How Not to Make IT Decisions

The university I work at is in the process of providing an example of how not to handle technological change, especially when dealing with technology that is likely to become obsolete in the future.

Six years ago the university introduced a new magnetic stripe ID card and also reached an agreement with a bank to link some financial services. There was a basic chip embedded on the front of the card that turned it into a smart card capable of securely handling transfers of small amounts of cash. The system was used entirely on campus.

I could go to a card reader on campus, for example, and have $20 deducted from my savings account and added to my employee ID card. Then I could use the ID card for everything from making copies in the library to buying Diet Coke at McDonald’s. It never really caught on, except for two core user groups (based on my personal observation) — a) people like me who did a lot of research in the library and b) foreign students. I’d say 90 percent of the students I’ve seen using the system are foreign students (maybe because smart cards are becoming common outside the U.S., but pretty much non-existent here?)

Anyway, the bank that the university was working with was recently bought by another bank. The new bank says it is not interested in continuing the smart card technology and the university hasn’t been able to find another vendor, so effective May 30, 2001, the system is gone for good.

That would be bad enough. I can’t believe they went through all of the trouble, expense, and time for a system that lasted a mere 6 years. You’d think they’d at least have a commitment in place in case of just such a contingency.

Even worse is the timetable. People with smart cards have until May 30, 2001, to redeem any money they have stored on their smart cards. After that, the money goes “poof.” The problem with that, of course, being that most students left campus two weeks ago with the conclusion of finals week and won’t be back until late August.

I’m sure they’ll be happy to learn that the university waited until April 26 to issue a memo noting that the deadline is May 30, 2001 to redeem any value off of these cards.

Which sort of explains another technological fiasco they’re embarking on. Somebody in the upper levels of management decided there would be nothing cooler than to set up an 802.11b wireless network all over campus. They’ve been going around with various signal testing instruments to figure out the best places to deploy the system and expect to have it up in the Fall.

The problem is that the security system in 802.11b is known to have a number of flaws that only recently came to light, but the official line here is that the security issues for a wireless and a wired LAN are exactly the same. Now at the moment nobody’s found an easy way to hack their way into an 802.11b system, but it’s probably just a matter of time.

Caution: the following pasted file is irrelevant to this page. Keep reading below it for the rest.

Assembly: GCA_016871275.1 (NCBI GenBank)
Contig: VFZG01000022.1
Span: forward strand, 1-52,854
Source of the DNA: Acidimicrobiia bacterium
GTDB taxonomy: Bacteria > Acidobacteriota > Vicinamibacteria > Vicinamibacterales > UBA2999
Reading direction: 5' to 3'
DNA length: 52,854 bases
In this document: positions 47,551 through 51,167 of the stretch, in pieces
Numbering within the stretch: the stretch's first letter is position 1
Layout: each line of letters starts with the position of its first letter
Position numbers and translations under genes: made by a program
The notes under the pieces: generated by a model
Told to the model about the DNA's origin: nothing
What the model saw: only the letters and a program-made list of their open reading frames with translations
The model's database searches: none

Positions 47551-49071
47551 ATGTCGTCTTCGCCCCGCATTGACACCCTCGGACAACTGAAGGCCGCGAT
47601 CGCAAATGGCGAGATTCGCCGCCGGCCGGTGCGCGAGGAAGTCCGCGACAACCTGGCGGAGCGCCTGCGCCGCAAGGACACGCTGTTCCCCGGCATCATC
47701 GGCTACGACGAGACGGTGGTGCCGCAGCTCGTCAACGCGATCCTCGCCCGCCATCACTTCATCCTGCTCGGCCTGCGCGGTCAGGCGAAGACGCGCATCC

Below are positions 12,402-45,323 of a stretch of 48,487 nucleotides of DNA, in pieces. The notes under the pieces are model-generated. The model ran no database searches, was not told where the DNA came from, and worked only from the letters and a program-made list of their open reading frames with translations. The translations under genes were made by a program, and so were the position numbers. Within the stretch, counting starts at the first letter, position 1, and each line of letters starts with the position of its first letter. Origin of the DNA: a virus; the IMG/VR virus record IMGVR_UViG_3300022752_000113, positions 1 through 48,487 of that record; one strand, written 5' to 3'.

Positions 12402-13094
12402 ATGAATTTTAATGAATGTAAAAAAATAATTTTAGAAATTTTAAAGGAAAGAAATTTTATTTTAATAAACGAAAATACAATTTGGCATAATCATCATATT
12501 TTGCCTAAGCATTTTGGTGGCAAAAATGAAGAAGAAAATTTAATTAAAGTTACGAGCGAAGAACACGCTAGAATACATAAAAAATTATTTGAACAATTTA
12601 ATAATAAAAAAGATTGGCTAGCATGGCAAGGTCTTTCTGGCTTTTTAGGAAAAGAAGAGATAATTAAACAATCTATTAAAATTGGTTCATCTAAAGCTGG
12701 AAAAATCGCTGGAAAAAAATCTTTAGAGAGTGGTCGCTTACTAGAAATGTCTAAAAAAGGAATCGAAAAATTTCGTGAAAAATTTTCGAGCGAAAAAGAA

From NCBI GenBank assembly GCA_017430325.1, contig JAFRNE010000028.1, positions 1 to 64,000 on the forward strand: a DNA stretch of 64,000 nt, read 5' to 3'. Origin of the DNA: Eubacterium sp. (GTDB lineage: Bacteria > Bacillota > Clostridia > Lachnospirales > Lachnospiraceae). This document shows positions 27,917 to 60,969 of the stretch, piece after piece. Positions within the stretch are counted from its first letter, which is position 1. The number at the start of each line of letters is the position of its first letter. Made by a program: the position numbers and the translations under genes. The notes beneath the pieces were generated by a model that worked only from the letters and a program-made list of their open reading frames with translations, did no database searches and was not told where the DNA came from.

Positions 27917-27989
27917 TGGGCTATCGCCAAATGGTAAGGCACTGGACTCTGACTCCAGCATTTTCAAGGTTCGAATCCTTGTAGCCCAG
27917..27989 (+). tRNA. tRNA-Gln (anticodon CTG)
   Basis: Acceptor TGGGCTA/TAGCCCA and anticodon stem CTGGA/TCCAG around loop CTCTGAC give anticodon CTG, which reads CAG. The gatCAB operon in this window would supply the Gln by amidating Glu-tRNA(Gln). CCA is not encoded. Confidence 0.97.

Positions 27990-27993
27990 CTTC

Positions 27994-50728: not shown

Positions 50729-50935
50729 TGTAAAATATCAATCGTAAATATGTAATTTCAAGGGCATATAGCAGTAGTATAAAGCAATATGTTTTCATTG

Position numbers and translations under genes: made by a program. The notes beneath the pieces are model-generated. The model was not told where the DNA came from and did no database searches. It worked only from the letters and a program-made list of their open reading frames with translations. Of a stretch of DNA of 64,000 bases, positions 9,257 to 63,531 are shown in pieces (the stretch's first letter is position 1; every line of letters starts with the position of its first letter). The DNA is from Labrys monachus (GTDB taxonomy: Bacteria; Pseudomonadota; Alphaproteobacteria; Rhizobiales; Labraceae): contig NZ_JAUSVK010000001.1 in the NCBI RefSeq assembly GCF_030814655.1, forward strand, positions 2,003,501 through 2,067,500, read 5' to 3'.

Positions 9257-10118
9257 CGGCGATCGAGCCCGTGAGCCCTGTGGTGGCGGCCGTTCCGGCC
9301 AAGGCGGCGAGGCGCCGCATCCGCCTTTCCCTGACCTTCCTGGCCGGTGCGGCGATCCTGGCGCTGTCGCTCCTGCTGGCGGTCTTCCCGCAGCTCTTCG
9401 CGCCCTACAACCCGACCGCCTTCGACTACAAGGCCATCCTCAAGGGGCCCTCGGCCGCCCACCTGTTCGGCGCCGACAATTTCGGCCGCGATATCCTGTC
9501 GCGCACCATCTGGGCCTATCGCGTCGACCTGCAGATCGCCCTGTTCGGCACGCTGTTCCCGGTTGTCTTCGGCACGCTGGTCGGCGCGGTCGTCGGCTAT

Regardless, do you really want to spend a lot of money on a system that some 15-year-old in Finland might render unusable at any moment? Not to mention that although bigger and better versions of the 802.11 standard are in the works, its becoming pretty clear that it is very unlikely there will be any backward compatibility or cost efficient upgrade path for 802.11b.

Which doesn’t matter to me. If someone wants to go to the lengths of breaking into the wireless system I’m setting up at home, they’re not going to find much and more importantly if a hack does ever become widespread I’ll just ditch the equipment and be out what, $300-$500 or so. But the university is going to sink a lot more than $300-$500 in it (plus I imagine there would be a lot more of interest on the president’s laptop than on mine).

I know why large organizations do these sorts of things — layers of bureaucracy — but it still never fails to amaze me.

One last silly technology story. At one place I worked we used a lot of audiovisual control equipment to switch between literally dozens of different audio and video sources. One of the main pieces of equipment — which was originally packaged with a proprietary control system — was on the edge of breaking down and both it and the control system needed replacing.

So a single manager who never actually used the equipment made the purchasing decision by himself and ended up with a $30,000 piece of junk which had less functionality than a number of $6,000 to $8,000 systems on the market at that time. But, it had a visual, point-and-click mouse-driven interface which the manager thought was the wave of the future, so that was the route we had to go.

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